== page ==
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Home / Sports / Cricket / BCCI age 'advice': Abhimanyu Easwaran backs Arun Lal

BCCI age 'advice': Abhimanyu Easwaran backs Arun Lal

Individually, ruthlessness has been the 24-year-old’s biggest lesson from the coach
Abhimanyu Easwaran

Sayak Banerjee   |   Calcutta   |   Published 05.08.20, 02:21 AM

The positive environment that Arun Lal has created in the dressing room and the positive energy he brings along matter much more than standard operating procedures (SOP), feels Abhimanyu Easwaran.

Most likely to be retained as captain after Bengal made the Ranji Trophy final last season, Abhimanyu, 24, seems satisfied with the Cricket Association of Bengal’s stance on the BCCI SOP to state associations, where one of the guidelines “discourages” individuals aged above 60 to be part of teams’ support staff.

The CAB has lent its support to Lal in view of the SOP, categorically mentioning that “no decision pertaining to change of support staff is being considered at the moment”.

“It’s of course up to the association to take a call. But I’m quite pleased with the stance it has taken. We do know how dangerous this virus is. But we’ve also seen people aged between 30 and 40 being among the worst sufferers, not just 60-year-olds and above.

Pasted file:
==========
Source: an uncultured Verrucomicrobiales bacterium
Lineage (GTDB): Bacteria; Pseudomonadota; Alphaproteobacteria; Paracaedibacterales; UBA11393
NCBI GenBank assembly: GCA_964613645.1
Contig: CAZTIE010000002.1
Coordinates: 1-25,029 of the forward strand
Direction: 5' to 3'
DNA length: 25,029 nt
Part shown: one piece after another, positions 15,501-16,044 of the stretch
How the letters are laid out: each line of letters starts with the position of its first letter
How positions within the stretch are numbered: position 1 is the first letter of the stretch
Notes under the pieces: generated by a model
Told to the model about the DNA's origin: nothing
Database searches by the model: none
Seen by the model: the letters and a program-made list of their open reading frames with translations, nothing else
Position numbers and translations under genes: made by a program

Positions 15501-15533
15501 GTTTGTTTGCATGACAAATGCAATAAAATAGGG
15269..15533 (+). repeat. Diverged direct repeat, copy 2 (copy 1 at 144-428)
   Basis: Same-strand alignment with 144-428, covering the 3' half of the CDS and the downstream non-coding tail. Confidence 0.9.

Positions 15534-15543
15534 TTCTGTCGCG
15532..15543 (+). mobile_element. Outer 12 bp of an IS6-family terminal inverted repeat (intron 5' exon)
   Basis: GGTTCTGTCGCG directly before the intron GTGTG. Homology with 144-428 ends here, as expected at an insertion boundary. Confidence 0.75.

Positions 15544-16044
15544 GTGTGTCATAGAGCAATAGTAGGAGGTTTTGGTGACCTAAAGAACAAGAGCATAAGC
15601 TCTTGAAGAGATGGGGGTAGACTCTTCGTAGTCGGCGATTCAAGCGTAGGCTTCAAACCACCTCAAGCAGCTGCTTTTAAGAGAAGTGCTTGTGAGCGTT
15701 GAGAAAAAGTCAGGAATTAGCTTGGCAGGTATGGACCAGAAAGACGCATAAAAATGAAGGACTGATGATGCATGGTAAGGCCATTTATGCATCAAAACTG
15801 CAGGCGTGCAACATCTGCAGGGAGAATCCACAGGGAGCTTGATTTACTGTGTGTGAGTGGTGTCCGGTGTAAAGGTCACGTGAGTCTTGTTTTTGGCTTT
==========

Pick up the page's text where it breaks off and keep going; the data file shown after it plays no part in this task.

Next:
“Besides, Arun Sir is still very fit. On top of that, he is an inspiration to all of us. He has brought about positive energy in the dressing room.

“We certainly would want him to continue as head coach, ” Abhimanyu told The Telegraph from Dehra Dun on Tuesday.

He also acknowledged the significant role Lal played in Bengal’s remarkable turnaround in the Ranji Trophy after a poor start to the season, coupled with off-field issues.

“Arun Sir’s positive energy played a big part in us making the final. After a poor show in the white-ball format, we came back really well in the Ranji Trophy despite all obstacles. The positive energy which he brought to the table was there throughout the season,” Abhimanyu recalled.

Individually, ruthlessness has been the 24-year-old’s biggest lesson from Lal. “He always says, ‘If you’ve got to 179, try to get 180 because that’s better than the score you were at. Keep adding that one more run. Just keep ticking.’”

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